As public fears mount over online surveillance and lack of control, advertising industry gets privacy religion – sort of…

Posted on Dec 31, 2019 by Glyn Moody

A new Pew Research Center survey confirms what readers of this blog already know: many people are deeply worried about the routine tracking of their activities online:

A majority of Americans believe their online and offline activities are being tracked and monitored by companies and the government with some regularity. It is such a common condition of modern life that roughly six-in-ten U.S. adults say they do not think it is possible to go through daily life without having data collected about them by companies or the government.

Among the results of this survey are the following. Some 72% of Americans report feeling that all, almost all or most of what they do online or while using their mobile phone is being tracked by advertisers, technology firms or other companies; 81% think that the potential risks they face because of data collection by companies outweigh the benefits they receive; 79% of adults say they are very or somewhat concerned about how companies are using the data they collect about them. This research makes clear that the current online advertising model is simply not acceptable to the vast majority of US citizens. The same is almost certainly true in other countries. Indeed, concerns in countries like Germany, where privacy has long been of paramount importance for historical reasons, are likely to be even greater. The advertising industry is well aware of this growing discontent, and is urgently trying to head off moves to bring in legislation strengthening privacy protection, particularly in the US, which lags behind the EU in this regard.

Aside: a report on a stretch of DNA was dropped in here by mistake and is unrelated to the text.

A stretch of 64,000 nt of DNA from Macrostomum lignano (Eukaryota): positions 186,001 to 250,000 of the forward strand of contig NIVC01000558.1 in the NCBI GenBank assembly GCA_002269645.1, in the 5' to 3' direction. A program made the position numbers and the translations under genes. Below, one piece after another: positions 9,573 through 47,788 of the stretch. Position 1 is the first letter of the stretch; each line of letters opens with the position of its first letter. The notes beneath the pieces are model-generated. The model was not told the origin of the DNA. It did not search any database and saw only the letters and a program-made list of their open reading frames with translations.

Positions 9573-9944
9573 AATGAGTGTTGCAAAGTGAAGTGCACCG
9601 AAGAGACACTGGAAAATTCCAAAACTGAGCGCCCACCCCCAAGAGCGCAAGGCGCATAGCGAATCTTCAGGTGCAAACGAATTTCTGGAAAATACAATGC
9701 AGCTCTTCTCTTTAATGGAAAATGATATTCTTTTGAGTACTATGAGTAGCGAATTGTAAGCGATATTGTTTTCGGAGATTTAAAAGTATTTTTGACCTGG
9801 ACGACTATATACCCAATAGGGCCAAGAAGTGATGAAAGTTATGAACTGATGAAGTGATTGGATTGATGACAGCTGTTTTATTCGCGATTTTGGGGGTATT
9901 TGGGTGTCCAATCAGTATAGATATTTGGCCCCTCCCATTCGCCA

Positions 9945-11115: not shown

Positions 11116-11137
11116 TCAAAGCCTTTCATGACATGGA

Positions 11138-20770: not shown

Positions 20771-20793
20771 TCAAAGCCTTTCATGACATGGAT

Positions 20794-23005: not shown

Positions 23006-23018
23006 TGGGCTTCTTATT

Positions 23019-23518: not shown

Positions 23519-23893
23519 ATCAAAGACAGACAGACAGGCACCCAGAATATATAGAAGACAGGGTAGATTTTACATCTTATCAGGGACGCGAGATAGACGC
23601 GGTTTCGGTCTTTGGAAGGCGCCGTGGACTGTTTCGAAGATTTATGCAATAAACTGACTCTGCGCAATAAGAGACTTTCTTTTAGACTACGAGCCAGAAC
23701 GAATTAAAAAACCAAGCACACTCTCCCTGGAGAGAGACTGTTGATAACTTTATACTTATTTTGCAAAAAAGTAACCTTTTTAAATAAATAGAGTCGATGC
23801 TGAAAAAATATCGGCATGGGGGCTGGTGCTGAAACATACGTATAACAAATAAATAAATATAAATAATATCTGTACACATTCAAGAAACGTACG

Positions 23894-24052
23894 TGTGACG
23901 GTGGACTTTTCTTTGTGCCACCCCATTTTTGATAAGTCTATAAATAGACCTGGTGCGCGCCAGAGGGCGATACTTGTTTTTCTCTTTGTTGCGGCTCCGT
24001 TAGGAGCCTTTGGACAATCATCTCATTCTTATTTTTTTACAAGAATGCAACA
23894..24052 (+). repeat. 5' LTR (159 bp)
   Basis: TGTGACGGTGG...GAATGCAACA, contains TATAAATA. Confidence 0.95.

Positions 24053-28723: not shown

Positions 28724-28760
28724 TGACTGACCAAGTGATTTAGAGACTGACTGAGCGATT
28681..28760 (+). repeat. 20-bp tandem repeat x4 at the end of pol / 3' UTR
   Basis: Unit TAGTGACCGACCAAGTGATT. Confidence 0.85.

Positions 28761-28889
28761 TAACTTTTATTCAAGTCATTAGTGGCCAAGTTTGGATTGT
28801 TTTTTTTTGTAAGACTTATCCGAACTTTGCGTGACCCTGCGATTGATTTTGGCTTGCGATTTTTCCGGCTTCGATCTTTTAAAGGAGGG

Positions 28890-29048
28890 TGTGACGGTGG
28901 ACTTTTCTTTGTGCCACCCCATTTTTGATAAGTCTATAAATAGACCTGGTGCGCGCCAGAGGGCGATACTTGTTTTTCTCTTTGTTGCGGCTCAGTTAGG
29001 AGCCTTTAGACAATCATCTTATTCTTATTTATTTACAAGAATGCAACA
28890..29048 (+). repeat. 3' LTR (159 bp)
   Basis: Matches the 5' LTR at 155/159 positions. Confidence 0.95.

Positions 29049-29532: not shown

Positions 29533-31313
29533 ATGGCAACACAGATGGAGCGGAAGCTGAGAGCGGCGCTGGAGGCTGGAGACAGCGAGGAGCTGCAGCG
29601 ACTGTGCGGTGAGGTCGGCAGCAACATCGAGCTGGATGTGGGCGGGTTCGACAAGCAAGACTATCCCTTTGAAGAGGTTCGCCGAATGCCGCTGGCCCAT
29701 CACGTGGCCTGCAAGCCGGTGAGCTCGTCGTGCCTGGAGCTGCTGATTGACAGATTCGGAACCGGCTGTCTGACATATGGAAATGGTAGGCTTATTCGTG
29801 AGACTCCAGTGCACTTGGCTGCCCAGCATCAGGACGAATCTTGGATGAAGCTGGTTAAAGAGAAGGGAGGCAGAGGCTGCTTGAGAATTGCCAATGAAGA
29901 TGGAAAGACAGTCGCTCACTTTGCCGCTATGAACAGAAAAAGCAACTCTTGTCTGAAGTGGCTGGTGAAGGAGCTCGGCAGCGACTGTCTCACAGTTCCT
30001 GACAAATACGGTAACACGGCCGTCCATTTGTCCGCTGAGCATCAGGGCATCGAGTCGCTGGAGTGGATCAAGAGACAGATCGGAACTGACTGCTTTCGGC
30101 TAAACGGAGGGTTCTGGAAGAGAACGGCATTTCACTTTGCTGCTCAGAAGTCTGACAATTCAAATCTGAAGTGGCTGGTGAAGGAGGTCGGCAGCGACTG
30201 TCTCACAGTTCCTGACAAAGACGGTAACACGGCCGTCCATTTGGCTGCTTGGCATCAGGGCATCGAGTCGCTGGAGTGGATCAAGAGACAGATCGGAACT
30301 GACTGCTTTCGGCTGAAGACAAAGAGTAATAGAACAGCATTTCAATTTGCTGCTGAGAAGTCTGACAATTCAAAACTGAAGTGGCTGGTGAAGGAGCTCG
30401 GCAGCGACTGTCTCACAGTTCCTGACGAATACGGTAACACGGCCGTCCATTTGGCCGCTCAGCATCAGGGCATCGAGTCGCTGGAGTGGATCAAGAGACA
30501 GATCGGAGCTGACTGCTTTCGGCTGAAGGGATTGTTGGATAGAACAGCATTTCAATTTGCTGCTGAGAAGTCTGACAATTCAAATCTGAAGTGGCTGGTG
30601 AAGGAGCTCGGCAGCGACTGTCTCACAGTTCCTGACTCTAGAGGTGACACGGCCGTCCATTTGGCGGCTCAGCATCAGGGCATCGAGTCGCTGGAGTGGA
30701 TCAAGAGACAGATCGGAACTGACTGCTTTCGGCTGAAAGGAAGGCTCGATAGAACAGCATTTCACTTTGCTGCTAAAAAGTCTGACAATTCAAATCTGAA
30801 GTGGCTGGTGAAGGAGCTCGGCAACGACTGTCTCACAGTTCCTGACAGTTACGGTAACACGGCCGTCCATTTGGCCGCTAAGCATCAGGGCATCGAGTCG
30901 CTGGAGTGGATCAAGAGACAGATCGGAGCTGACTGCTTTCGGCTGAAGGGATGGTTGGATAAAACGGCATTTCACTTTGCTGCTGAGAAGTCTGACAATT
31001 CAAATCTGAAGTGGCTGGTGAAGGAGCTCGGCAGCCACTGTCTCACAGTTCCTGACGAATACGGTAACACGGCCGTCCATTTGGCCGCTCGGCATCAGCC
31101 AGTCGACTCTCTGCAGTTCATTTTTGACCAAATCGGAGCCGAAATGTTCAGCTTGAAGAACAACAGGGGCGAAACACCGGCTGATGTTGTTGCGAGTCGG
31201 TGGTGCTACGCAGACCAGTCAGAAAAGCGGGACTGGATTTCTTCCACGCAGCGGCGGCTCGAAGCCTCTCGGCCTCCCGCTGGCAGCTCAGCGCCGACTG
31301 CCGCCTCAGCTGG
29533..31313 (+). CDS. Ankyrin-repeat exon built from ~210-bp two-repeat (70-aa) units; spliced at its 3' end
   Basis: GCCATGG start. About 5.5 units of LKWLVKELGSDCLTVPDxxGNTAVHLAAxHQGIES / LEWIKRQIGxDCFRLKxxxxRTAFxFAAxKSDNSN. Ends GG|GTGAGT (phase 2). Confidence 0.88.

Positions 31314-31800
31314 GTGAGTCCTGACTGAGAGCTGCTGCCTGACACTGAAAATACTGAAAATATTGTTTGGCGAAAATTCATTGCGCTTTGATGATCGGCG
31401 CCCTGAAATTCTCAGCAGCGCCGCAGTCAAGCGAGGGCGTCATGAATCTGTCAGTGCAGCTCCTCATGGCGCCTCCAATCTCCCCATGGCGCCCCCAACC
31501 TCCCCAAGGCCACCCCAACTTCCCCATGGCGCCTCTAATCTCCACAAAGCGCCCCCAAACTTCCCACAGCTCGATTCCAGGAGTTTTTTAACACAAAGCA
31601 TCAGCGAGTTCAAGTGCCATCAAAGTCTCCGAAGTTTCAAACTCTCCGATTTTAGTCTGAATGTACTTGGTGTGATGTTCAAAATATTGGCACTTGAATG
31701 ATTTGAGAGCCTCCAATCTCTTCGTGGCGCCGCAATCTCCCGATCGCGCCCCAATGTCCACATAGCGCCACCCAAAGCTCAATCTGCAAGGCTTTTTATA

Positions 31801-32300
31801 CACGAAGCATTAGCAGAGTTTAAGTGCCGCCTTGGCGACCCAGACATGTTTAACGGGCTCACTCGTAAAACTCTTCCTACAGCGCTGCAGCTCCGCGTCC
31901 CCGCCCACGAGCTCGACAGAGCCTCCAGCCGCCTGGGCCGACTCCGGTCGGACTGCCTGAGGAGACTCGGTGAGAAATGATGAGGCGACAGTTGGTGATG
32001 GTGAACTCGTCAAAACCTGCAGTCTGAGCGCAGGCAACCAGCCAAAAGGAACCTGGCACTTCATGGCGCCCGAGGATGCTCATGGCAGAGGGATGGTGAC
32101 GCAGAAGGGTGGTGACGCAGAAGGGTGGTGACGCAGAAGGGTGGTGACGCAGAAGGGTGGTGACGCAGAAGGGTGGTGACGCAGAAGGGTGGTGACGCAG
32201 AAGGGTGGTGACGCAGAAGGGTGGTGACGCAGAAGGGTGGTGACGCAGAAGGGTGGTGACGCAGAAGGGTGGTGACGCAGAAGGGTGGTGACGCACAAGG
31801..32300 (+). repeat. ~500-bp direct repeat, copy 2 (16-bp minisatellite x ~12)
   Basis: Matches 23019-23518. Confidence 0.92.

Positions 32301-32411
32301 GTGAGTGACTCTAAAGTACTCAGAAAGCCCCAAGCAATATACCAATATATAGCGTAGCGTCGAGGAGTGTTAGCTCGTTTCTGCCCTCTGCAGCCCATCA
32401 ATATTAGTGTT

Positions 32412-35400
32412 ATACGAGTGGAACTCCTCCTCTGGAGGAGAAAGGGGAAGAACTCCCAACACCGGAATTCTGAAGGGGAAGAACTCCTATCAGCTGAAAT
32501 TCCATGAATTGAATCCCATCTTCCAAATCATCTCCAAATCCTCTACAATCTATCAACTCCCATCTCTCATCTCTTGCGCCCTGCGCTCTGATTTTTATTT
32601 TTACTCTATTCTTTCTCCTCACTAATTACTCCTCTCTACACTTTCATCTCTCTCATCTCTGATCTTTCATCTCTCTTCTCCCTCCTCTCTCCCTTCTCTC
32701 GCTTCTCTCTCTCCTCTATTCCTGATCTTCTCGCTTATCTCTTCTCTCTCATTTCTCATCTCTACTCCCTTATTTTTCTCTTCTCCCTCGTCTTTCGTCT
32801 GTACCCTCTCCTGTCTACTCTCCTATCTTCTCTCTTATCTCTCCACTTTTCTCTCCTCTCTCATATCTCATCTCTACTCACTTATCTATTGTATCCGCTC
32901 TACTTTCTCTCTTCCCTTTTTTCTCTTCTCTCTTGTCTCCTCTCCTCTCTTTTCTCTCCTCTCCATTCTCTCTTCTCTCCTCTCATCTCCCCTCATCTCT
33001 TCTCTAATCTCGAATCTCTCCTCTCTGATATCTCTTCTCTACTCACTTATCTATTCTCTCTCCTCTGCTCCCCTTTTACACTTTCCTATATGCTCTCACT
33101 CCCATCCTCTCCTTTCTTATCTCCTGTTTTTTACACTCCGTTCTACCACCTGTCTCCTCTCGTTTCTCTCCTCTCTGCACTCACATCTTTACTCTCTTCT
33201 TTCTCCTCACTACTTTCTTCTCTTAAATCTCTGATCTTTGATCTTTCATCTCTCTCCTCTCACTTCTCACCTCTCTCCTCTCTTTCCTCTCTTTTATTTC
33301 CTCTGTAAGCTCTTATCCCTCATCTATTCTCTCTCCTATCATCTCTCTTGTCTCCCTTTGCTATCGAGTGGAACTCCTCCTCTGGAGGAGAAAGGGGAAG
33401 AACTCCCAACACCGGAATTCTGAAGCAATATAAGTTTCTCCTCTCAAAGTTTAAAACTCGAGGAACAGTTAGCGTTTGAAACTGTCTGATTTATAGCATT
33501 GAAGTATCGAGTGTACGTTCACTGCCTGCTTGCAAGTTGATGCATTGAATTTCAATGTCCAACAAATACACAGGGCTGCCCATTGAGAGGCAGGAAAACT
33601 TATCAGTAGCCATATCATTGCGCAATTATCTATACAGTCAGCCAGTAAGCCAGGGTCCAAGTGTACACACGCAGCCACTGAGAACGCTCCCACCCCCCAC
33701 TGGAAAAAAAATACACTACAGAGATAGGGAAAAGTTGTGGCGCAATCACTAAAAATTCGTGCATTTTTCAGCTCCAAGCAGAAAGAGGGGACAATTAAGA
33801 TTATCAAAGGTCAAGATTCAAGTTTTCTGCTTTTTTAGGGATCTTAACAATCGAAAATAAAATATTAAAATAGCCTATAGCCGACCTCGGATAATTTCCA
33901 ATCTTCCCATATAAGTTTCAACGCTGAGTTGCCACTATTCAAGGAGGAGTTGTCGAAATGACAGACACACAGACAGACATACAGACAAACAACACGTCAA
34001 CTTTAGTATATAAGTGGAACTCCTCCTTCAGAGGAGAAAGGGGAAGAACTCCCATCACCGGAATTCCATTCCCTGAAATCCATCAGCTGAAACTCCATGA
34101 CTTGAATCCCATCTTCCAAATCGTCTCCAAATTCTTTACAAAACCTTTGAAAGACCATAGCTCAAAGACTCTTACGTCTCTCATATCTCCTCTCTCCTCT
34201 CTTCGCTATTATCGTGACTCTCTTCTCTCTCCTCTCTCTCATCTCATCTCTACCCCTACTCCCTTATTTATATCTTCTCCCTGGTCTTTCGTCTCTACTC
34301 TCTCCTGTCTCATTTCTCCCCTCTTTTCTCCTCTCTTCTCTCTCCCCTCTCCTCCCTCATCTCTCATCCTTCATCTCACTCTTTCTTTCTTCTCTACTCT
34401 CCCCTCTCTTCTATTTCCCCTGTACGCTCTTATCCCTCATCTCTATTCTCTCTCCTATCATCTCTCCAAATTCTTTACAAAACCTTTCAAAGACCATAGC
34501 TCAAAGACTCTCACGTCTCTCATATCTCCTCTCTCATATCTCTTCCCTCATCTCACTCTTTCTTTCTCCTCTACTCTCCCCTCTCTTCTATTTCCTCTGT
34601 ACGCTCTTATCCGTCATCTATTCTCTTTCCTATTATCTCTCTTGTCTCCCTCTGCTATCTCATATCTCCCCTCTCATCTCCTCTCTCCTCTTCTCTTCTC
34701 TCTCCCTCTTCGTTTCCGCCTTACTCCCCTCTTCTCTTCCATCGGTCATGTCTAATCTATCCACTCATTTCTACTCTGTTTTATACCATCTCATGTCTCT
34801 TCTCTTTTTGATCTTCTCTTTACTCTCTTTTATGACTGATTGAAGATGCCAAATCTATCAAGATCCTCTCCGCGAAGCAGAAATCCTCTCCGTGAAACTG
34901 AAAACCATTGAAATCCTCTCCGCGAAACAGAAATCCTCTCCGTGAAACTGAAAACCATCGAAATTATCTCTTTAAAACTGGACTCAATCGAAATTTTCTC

Last year, the Interactive Advertising Bureau Technology Laboratory (IAB Tech Lab) acquired DigiTrust, which it described as “a non-profit, industry consortium recognized for building a real-time standardized identity service designed to improve the digital experience for consumers, publishers, advertisers, and third-party platforms”. IAB Tech Lab has launched the DigiTrust service. It creates a randomly-generated user token, which is propagated by and between DigiTrust supporters instead of the proprietary pixels and trackers that are used on Web pages today. As the DigiTrust FAQ rightly points out, a large number of third-party requests slows down the loading of Web pages; replacing them with a single, standardized one will avoid that problem. However, it also brings with it another one, that is arguably more serious from a privacy point of view.

By creating a single, albeit pseudonymous token, it makes the aggregation of information much easier. The veil of pseudonymity only needs to be pierced once for the token to become a unique identifier for an individual. Because of the privacy issues, the Mozilla team behind the open source Firefox browser regards DigiTrust as a tracker and blocks it. As Digiday reported, that hardly came as a surprise to IAB Tech Lab, since Mozilla had already made tracker cookie blocking the Firefox default back in September.

The IAB knows that DigiTrust on its own would not be enough to quell calls for online advertising’s tracking to be reined in. As part of its larger strategy, it published on its Web site a long post entitled “The Evolution of the Internet, Identity, Privacy and Tracking – How Cookies and Tracking Exploded, and Why We Need New Standards for Consumer Privacy”.